Wurbs R.A.,Texas A&M University | Schnier S.T.,Urbana University | Olmos H.E.,Freese and Nichols Inc.
Journal of Water Resources Planning and Management | Year: 2012

The water rights analysis package (WRAP) is a generalized river/reservoir system simulation model that is routinely applied in Texas in regional and statewide planning studies and administration of the water right permit system. The WRAP modeling system was recently expanded by adding short-term storage frequency and supply reliability analysis capabilities. Individual reservoirs and multiplereservoir systems can be analyzed considering numerous water users and complex water management practices. The new modeling features are based on dividing the hydrologic period-of-analysis into many short-simulation sequences with each starting with the same storage conditions. Two alternative frequency/reliability analysis methodologies, called the equal-weight and probability-array options, are compared in this paper with a case-study application. The probability array option is designed toimprove the accuracy of storage frequency estimates by modeling hydrologic persistence as reflected in the preceding reservoir storage contents on the basis of a regression of natural streamflow versus preceding storage from a long-term simulation. © 2012 American Society of Civil Engineers. Source

Venkataraman K.,Tarleton State University | Tummuri S.,Freese and Nichols Inc. | Medina A.,Tarleton State University | Perry J.,Tarleton State University
Journal of Hydrology | Year: 2016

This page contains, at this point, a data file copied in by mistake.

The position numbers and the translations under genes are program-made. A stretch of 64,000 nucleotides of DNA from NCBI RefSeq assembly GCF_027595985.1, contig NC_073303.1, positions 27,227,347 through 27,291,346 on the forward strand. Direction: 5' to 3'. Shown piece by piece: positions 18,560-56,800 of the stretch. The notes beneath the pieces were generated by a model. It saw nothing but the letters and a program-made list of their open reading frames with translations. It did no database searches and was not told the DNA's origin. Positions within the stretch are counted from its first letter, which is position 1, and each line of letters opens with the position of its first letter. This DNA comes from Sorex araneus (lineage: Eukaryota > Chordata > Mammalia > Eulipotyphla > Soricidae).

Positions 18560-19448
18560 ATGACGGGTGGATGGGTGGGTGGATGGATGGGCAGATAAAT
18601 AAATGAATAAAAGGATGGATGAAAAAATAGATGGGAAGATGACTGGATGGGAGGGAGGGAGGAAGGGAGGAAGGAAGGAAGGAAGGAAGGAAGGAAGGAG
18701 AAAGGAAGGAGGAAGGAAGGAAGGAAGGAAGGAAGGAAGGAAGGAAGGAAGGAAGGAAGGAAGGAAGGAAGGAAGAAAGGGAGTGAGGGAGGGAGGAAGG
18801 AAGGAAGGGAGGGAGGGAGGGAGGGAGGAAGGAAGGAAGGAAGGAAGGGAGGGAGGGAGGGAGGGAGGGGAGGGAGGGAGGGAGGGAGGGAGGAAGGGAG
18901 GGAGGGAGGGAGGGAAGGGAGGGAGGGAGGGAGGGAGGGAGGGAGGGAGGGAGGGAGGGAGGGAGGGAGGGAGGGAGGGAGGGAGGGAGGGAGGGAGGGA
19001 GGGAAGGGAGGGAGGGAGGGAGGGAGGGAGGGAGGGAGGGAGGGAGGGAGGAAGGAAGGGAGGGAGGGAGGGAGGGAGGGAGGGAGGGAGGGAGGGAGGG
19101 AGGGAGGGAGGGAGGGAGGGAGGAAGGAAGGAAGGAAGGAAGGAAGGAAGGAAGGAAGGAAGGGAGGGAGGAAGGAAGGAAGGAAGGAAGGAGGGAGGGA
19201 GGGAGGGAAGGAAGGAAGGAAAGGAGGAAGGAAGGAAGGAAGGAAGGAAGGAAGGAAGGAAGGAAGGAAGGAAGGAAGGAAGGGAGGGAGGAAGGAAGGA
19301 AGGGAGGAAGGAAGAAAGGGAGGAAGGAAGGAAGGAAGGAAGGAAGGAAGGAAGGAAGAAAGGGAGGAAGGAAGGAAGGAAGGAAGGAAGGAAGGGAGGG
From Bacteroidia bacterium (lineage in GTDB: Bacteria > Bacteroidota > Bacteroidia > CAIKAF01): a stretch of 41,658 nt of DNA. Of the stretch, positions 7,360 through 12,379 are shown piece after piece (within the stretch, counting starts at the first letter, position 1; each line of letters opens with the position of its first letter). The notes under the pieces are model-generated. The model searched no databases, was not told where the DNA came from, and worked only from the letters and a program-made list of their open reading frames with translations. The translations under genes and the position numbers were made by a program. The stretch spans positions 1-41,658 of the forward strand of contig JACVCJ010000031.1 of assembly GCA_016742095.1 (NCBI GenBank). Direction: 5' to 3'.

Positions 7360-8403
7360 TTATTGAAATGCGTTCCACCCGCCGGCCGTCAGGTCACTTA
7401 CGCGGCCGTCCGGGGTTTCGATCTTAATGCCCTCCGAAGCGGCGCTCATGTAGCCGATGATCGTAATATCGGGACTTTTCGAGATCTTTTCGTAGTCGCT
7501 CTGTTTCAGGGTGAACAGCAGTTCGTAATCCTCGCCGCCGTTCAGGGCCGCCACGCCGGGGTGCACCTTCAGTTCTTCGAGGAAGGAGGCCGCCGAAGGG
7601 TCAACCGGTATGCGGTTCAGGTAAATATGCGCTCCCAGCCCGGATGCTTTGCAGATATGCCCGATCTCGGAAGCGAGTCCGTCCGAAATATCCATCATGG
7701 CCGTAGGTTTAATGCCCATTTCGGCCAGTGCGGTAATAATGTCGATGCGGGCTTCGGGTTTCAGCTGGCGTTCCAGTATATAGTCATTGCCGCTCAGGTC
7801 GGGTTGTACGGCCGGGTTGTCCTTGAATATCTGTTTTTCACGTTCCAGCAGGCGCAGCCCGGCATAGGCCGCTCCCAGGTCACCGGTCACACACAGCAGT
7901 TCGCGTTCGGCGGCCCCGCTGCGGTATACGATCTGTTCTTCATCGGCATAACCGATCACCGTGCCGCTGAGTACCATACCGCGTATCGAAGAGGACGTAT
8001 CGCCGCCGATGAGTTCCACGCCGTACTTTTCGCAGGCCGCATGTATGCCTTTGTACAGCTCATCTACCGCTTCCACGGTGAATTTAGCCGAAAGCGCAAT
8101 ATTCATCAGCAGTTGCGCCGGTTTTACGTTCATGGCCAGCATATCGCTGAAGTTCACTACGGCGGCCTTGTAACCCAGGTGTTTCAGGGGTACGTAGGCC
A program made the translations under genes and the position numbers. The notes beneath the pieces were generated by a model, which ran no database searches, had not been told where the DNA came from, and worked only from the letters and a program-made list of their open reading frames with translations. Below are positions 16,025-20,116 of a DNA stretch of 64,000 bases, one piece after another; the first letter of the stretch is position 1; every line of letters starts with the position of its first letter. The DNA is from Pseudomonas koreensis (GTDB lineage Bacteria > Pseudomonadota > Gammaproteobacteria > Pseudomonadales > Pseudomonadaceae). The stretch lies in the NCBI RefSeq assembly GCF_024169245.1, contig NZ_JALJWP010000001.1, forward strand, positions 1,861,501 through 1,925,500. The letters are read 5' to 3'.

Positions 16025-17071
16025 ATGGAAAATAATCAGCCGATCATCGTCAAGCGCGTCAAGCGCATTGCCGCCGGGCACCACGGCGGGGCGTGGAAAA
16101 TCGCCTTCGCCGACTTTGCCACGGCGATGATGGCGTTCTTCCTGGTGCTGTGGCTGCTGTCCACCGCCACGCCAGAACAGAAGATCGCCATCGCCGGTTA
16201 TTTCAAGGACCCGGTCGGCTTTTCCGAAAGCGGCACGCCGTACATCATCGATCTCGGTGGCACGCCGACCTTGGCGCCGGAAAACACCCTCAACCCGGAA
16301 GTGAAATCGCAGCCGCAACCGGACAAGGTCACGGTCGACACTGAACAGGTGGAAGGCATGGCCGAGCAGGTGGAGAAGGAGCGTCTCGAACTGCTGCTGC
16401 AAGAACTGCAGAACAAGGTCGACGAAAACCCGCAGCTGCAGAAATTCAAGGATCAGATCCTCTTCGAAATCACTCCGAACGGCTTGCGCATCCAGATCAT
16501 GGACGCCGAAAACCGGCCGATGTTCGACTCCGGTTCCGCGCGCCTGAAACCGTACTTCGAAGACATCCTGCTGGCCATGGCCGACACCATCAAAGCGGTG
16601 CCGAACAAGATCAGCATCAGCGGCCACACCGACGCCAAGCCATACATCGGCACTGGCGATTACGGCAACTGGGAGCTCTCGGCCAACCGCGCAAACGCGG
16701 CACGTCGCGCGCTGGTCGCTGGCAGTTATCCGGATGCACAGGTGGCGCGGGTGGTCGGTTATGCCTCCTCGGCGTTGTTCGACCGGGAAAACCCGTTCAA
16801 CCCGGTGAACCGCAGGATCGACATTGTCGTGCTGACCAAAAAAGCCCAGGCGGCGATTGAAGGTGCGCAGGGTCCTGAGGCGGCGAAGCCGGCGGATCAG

Management of water resources in Texas (United States) is a challenging endeavor due to rapid population growth in the recent past coupled with significant spatiotemporal variations in climate. While climate conditions impact the availability of water, over-usage and lack of efficient management further complicate the dynamics of supply availability. In this paper, we provide the first look at the impact of climate change projections from an ensemble of Coupled Model Intercomparison Project Phase 5 (CMIP5) on 21st century drought characteristics under three future emission trajectories: Representative Concentration Pathway (RCP) 2.6, RCP 4.5 and RCP 8.5, using the standardized precipitation index (SPI) and standardized precipitation evapotranspiration index (SPEI). In addition, we evaluate the performance of the ensemble in simulating historical (1950-1999) observations from multiple climate divisions in Texas. Overall, the ensemble performs better in simulating historical temperature than precipitation. In semi-arid locations such as El Paso and Laredo, decreasing precipitation trends are projected even under the influence of climate policies represented by the RCP 4.5. There is little variability in the SPI across climate divisions and across RCPs. The SPEI, on the other hand, generally shows a decreasing trend toward the latter half of the 21st century, with multi-year droughts becoming the norm under the RCP 8.5, particularly in regions that are already dry, such as El Paso. Less severe droughts are projected for the sub-humid eastern edge of the state. Considering that state water planning agencies are already forecasting increased water shortages over the next 50 years, we recommend proactive approaches to risk management such as adjusting the planning tools for potential recurrence of multi-year droughts in regions that are already water-stressed. © 2016 Elsevier B.V. Source